Antipoverty organizations here are often responsible for providing services to not only poor people in their suburb, but also to poor people in surrounding suburbs. Organizations find it difficult to draw these clients into their programs, however, either because they are hesitant to get help, are hard to reach, or are fearful of traveling into symbiotic suburbs because of their reputation for crime. Further, many of these organizations find themselves serving a large urban clientele comprised either of urbanites who moved to the suburb in search of a quieter life or urbanites who travel to the suburb specifically to access services there. This poses problems for organizations in symbiotic suburbs vying for support from metropolitan funders who have reserved special pots of money specifically for suburban organizations serving suburban poor residents. When funders see that organizations in symbiotic suburbs serve an urban clientele, they get pitted against larger, more well-connected organizations in the city in the competition for resources. In this race, suburban organizations find themselves at a disadvantage, as funders believe their dollars can make more of an impact going to urban organizations that tend to service a greater number of clients.
The history of poverty is thus a double edged sword in symbiotic suburbs. On the one hand, organizations benefit from its visibility. On the other, this visibility poses very real challenges to bringing in the type of clientele for which funding is intended. As a result, antipoverty organizations here engage in a delicate dance in their quest for support, one which involves demonstrating they serve a large, high-need population that includes suburban poor people living outside their boundaries.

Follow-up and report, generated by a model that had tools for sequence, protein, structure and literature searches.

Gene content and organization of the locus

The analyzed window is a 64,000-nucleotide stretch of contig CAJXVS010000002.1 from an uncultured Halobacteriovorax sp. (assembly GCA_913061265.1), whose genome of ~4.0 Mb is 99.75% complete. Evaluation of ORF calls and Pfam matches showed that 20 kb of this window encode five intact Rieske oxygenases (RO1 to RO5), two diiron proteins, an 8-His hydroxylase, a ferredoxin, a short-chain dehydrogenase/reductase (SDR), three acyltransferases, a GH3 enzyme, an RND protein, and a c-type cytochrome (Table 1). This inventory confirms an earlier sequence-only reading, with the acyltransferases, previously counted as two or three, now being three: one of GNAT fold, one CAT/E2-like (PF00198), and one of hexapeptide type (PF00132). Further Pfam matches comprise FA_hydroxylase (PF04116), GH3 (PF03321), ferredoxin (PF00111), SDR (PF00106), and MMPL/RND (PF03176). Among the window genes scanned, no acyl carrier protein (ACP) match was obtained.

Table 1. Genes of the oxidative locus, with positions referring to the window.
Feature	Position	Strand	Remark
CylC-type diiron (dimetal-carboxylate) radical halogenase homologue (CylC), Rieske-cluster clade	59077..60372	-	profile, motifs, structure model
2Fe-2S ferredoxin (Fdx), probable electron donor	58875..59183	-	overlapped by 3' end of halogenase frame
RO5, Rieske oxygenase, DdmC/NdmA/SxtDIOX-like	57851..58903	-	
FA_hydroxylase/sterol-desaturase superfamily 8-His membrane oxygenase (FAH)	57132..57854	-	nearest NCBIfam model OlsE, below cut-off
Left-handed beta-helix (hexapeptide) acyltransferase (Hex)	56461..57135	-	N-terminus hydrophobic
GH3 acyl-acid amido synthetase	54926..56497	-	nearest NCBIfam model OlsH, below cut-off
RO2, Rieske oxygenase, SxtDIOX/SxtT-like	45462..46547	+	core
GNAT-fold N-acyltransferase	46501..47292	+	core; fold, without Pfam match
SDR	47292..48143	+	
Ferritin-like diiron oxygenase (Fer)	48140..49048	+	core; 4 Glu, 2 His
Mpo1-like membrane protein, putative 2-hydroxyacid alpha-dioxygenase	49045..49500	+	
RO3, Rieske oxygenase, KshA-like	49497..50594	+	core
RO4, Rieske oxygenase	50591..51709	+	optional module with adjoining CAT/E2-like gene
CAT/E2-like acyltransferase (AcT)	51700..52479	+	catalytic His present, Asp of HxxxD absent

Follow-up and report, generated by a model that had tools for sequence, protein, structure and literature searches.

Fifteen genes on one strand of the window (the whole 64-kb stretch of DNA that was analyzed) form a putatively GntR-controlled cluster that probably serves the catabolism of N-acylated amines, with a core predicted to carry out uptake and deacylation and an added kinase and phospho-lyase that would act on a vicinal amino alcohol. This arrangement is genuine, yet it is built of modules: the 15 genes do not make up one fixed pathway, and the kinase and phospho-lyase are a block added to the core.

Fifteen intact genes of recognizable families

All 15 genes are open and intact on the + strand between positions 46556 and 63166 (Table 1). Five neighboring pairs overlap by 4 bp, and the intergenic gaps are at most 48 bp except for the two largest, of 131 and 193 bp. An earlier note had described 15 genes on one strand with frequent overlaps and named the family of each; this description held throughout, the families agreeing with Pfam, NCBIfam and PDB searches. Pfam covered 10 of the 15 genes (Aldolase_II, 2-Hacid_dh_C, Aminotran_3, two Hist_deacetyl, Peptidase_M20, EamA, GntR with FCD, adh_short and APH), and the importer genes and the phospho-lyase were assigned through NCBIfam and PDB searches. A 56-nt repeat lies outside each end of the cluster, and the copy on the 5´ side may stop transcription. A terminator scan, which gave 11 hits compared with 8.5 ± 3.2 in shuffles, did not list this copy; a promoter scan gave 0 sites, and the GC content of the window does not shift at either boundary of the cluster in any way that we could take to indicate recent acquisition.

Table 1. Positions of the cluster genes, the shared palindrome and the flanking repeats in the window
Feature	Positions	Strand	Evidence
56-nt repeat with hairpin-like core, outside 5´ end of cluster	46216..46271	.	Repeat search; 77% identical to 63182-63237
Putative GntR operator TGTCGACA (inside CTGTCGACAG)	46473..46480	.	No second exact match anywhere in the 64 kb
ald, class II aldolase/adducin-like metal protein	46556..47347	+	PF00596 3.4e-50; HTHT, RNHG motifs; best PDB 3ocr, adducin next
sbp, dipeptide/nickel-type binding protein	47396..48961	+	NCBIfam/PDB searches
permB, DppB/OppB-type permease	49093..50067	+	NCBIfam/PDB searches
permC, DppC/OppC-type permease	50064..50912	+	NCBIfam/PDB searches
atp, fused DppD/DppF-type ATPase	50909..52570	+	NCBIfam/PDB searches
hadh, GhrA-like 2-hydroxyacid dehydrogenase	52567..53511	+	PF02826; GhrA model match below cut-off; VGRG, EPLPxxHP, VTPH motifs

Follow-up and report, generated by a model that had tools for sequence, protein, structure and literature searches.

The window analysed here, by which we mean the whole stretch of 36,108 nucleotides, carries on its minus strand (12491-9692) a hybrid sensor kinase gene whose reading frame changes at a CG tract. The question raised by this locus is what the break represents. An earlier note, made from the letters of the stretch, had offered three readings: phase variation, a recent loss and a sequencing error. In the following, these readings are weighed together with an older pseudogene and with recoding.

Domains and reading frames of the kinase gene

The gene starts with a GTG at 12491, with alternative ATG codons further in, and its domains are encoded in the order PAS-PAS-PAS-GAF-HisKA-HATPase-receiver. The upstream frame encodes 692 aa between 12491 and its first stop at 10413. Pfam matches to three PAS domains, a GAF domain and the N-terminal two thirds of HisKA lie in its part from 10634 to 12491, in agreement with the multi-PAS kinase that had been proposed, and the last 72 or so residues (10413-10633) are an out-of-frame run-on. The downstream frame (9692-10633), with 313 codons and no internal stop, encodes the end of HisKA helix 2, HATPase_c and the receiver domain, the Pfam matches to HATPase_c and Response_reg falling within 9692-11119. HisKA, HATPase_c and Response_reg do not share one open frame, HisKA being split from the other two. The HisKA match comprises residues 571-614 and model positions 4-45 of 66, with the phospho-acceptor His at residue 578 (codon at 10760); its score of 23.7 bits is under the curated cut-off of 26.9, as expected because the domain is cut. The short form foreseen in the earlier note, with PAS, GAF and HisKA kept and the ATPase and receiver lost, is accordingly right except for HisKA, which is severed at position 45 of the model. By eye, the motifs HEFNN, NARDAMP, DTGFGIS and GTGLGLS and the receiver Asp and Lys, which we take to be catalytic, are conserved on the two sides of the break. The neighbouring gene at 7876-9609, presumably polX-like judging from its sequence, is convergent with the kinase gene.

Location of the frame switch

Skeletal suburbs are also deeply distressed, long marked by high rates of poverty. The source of their distress, however, differs from that of symbiotic suburbs. Skeletal suburbs were built up around thriving industries before World War II. At their peak, skeletal suburbs attracted working class residents who desired home ownership, industry jobs, and suburban living.
Today, much of this industry has closed down or moved offshore, leaving the suburb a skeleton of what it once was. The housing stock is old and deteriorating, jobs and employment are rare, educational opportunities are minimal, and many, if not all, commercial establishments have closed down. Poverty in skeletal suburbs is not new; most of the poor people here have grown poorer in place following the loss of industry. Few people have moved into these places since their decimation, and population decline is significant. Skeletal suburbs closest to the city often have high black populations but are governed by white elites; those further out are less dense, mostly white, and significantly economically and socially isolated from the city and regional transportation lines.